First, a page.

There, she met her first husband, Martin.

Because Martin got a job in North Carolina, and wanted her to come with him, the two married. “In North Carolina, they were famous for moving houses … and our house was closer to the highway and we wanted it to be closer to the water, so we moved our house,” she said.

Their son, William, added that Martin was a marine biologist who observed that hurricanes had shaved off some of the coastline over the years: “So although they wanted a house near the ocean, they put the house a few hundred feet back. But when we visited in the 1970s, it was right on the ocean.”

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Their oldest son, David, was born in North Carolina. Following Martin in the course of his job-related moves, the Burkenroad family lived in Pacific Beach; Texas, where William and his sister Andrea were born; and Panama, where Marianne pioneered the immersion method of language learning in the early 1960s.

Later that decade, the family moved to La Jolla Shores, just a few blocks from where she lives now. “My husband worked on some Scripps projects, so we wanted to be close to the campus. It reminded me a little bit of the Baltic Sea,” she said. “I liked that. Who wouldn’t like it here?”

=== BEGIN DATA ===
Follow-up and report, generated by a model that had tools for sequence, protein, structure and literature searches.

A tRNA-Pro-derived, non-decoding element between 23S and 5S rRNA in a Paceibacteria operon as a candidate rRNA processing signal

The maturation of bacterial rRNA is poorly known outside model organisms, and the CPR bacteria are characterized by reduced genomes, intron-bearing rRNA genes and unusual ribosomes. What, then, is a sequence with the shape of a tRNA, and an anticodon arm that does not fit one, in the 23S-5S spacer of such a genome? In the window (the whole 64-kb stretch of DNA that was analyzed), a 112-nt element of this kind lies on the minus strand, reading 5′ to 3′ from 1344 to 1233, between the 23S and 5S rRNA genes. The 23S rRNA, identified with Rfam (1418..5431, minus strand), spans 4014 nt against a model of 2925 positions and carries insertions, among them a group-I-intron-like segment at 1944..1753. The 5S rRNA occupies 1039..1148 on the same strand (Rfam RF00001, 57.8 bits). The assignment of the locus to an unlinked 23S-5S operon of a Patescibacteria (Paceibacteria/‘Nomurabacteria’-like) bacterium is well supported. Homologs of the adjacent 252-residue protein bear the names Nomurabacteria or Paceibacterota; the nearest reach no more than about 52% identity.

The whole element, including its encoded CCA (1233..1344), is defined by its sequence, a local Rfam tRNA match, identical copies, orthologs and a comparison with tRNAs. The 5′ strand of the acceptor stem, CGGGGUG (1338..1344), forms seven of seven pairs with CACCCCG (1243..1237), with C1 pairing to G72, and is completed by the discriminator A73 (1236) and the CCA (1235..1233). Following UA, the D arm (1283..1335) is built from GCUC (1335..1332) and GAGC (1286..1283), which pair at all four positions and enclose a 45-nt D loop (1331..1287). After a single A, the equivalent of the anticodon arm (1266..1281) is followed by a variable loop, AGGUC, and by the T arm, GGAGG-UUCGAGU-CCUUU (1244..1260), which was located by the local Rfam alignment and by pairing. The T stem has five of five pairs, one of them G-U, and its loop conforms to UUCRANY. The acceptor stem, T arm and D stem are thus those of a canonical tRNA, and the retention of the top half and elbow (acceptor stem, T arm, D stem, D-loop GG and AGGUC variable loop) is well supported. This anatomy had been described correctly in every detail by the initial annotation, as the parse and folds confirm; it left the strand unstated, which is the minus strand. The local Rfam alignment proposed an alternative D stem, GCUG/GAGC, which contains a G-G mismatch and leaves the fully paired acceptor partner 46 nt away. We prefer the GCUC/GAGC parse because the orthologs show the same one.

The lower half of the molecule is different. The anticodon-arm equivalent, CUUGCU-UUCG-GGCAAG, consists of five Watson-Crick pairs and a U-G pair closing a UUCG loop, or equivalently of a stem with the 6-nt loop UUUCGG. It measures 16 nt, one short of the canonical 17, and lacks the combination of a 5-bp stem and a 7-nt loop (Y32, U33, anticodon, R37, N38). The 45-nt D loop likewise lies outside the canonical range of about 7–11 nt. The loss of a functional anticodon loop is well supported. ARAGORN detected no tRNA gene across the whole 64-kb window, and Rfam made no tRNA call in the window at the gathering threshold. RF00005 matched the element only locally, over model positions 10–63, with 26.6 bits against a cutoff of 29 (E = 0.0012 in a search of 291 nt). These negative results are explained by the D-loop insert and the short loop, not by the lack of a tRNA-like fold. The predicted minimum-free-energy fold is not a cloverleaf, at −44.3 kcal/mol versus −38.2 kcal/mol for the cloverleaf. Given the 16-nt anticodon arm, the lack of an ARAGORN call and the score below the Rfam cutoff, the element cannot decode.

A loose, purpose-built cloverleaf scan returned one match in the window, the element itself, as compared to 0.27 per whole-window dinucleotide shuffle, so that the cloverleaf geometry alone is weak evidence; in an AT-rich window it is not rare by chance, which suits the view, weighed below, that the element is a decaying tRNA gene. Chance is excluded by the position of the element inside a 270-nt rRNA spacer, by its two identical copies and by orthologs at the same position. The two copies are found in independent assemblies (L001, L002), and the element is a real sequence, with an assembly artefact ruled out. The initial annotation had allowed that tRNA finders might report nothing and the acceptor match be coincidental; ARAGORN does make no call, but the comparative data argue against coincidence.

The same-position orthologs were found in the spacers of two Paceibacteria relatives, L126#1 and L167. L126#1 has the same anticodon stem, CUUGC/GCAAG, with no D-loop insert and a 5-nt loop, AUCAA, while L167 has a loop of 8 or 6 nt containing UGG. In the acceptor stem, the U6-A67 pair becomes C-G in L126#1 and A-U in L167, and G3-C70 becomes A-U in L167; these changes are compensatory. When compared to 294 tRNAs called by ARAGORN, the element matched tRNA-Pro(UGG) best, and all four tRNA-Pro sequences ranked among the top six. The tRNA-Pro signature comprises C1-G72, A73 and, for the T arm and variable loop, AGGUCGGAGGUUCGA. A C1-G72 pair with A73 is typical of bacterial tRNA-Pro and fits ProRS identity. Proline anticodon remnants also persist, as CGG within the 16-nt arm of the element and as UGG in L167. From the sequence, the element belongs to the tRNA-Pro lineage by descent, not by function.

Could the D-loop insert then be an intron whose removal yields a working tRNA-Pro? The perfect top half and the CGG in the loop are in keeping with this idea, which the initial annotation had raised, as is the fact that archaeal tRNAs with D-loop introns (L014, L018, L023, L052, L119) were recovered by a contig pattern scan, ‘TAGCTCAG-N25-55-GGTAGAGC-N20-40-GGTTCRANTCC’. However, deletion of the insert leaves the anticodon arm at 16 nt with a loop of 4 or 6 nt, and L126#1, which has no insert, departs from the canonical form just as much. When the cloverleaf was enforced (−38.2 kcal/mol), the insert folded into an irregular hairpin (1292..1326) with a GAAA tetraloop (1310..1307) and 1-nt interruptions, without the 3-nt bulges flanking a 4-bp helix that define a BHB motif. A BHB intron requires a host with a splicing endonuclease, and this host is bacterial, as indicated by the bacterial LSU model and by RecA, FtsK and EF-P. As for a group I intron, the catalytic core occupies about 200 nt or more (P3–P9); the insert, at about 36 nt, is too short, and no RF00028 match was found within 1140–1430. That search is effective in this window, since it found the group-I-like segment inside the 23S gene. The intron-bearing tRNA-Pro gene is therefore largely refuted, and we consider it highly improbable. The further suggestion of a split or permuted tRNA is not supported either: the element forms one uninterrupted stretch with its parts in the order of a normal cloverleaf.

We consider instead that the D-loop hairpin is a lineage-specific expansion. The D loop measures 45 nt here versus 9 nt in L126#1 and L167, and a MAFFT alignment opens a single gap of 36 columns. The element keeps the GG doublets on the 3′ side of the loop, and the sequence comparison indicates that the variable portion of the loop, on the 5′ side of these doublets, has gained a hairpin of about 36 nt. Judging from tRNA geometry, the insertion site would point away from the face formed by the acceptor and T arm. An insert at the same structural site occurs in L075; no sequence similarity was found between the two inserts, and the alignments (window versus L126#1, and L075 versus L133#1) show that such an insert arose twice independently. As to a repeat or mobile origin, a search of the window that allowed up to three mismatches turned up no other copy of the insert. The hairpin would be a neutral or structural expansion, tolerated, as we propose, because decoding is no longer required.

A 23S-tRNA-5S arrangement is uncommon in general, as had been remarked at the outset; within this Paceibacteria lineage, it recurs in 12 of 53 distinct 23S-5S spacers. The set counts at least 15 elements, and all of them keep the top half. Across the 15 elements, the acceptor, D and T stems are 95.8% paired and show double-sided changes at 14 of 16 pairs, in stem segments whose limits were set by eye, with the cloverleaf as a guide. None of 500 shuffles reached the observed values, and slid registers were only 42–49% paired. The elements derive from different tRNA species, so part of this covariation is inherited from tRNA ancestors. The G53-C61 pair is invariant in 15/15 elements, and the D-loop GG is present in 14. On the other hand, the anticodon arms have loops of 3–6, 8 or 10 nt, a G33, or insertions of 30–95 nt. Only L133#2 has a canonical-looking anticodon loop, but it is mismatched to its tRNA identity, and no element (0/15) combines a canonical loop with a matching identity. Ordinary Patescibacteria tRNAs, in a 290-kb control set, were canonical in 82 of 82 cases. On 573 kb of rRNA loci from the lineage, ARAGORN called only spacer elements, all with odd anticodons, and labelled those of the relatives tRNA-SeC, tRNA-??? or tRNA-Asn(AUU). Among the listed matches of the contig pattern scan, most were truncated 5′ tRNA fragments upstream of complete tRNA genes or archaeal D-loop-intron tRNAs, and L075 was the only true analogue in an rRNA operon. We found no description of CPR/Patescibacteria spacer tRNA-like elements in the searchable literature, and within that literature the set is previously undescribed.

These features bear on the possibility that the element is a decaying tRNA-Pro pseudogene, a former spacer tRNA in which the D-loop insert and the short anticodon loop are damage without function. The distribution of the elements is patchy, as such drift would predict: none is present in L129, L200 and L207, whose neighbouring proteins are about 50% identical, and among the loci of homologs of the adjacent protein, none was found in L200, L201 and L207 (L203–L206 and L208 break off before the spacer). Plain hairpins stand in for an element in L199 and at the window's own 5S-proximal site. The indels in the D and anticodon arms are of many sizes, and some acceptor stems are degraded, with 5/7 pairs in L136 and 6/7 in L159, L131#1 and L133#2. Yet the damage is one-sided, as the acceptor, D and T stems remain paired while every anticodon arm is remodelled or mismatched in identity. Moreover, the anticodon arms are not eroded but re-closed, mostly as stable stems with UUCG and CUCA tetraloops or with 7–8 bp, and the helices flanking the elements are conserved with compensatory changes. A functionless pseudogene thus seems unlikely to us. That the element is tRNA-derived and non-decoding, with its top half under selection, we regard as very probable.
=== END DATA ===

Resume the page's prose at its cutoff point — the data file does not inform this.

By the 1970s, she was enmeshed in the community, giving time and money to museums in Balboa Park, and participating in the La Jolla Rough Water Swim, now the La Jolla Open Water Swim. (After the heavy discussion about her upbringing, Nazism and betrayal, mention of her involvement in the La Jolla Rough Water Swim brought a room-illuminating smile.)

“I was never a fast swimmer, but I was a long-distance swimmer, having practiced in the Baltic Sea,” Burkenroad said. “I still have the trophy to this day.” True to her word, she produced the trophy for her 1974 win in the category of Women 55 and Older. “The woman that came in second place was so far behind me, when she came out of the water, she didn’t see me, so she thought she won!” Marianne laughed.

Always active, she would swim, play badminton and ping pong, and exercised at the YMCA every day, until her eyesight started to go. “Now she only plays backgammon,” William said, to groans from other family members, due to her legendary, merciless skills.

“She has beat me eight times in a row, since yesterday,” said her granddaughter Christina, who is a professional soccer player in Prague.

“Well, you beat me yesterday,” Marianne noted. She pointed out that she still exercises every day, and instilled in her family the mindset to maintain an active mind and body. But other than that, she said there are no secrets to her longevity.

But on second thought, she reconsidered, suggesting it could be her belief in the sun and living in a place where she has seen thousands of sunsets.

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“I grew up saying the prayer that ‘If God wills it, I will wake up tomorrow.’ Then, I thought, ‘If God wills it? What if God doesn’t will it?’ So I said goodbye to that God, and explored the sun gods I learned about when I studied anthropology. So I believe in the sun,” she said.